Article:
(OTTAWA) Canada encourages Sudan’s neighbors to help that country mediate an end to the violence, as Ottawa attempts to continue to bring Canadians to safety through perilous ground evacuations.

The Prime Minister’s Office said Justin Trudeau spoke Monday morning with Djiboutian President Ismail Omar Guelleh and thanked him for his country’s “outstanding support” in hosting Canadian military and diplomatic personnel.

Mr. Trudeau also praised Djibouti “for its clear willingness to participate in the resolution of the conflict”, according to the press release from the Prime Minister’s Office.

The firm also says the two men discussed regional mediation efforts and that Mr. Trudeau offered Canadian support for a peaceful resolution to the dispute.

During a visit to Kenya, a major player in this region of East Africa, the Minister of Foreign Affairs, Mélanie Joly, assessed the humanitarian needs in the region on Monday.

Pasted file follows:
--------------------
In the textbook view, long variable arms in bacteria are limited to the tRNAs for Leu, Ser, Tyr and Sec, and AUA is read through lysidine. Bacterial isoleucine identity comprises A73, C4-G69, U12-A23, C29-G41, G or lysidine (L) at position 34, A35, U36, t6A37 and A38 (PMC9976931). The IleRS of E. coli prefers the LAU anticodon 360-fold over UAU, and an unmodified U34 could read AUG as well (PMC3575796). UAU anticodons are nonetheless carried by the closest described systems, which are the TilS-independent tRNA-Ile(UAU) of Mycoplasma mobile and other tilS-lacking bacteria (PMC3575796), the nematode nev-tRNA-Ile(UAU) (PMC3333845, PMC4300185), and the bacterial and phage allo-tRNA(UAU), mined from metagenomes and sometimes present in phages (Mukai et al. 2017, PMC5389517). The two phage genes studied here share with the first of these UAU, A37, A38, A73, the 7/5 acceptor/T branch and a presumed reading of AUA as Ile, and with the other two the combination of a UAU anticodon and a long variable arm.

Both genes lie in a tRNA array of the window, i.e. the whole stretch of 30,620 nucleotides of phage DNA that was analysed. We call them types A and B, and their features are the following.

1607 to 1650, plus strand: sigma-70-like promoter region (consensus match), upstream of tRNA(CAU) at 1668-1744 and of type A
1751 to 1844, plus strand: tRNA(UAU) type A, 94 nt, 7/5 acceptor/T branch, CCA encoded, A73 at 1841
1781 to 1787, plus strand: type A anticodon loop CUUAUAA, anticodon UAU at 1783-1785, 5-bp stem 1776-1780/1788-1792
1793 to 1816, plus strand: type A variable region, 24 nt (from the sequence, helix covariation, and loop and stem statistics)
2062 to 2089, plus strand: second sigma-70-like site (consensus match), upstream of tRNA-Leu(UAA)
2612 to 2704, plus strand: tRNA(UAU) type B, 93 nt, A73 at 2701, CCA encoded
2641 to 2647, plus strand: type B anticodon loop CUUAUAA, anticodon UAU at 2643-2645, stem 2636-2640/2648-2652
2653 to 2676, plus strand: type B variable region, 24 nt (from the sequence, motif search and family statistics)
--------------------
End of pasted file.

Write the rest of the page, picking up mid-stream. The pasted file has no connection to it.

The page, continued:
The Sudanese National Army and paramilitary forces, which have been fighting for two weeks, reached a new ceasefire on Sunday.

But the violence has not completely stopped, leading countries including Canada to abandon evacuation flights. They are now advising their nationals to seek safety there or undertake the risky journey by road to the Sudanese shores on the Red Sea.

Ottawa said Sunday morning 400 Canadians and permanent residents had left Sudan so far and the Canadian military had carried out six evacuation flights. On the other hand, 230 people who had asked for help from the Canadian government were still in this country.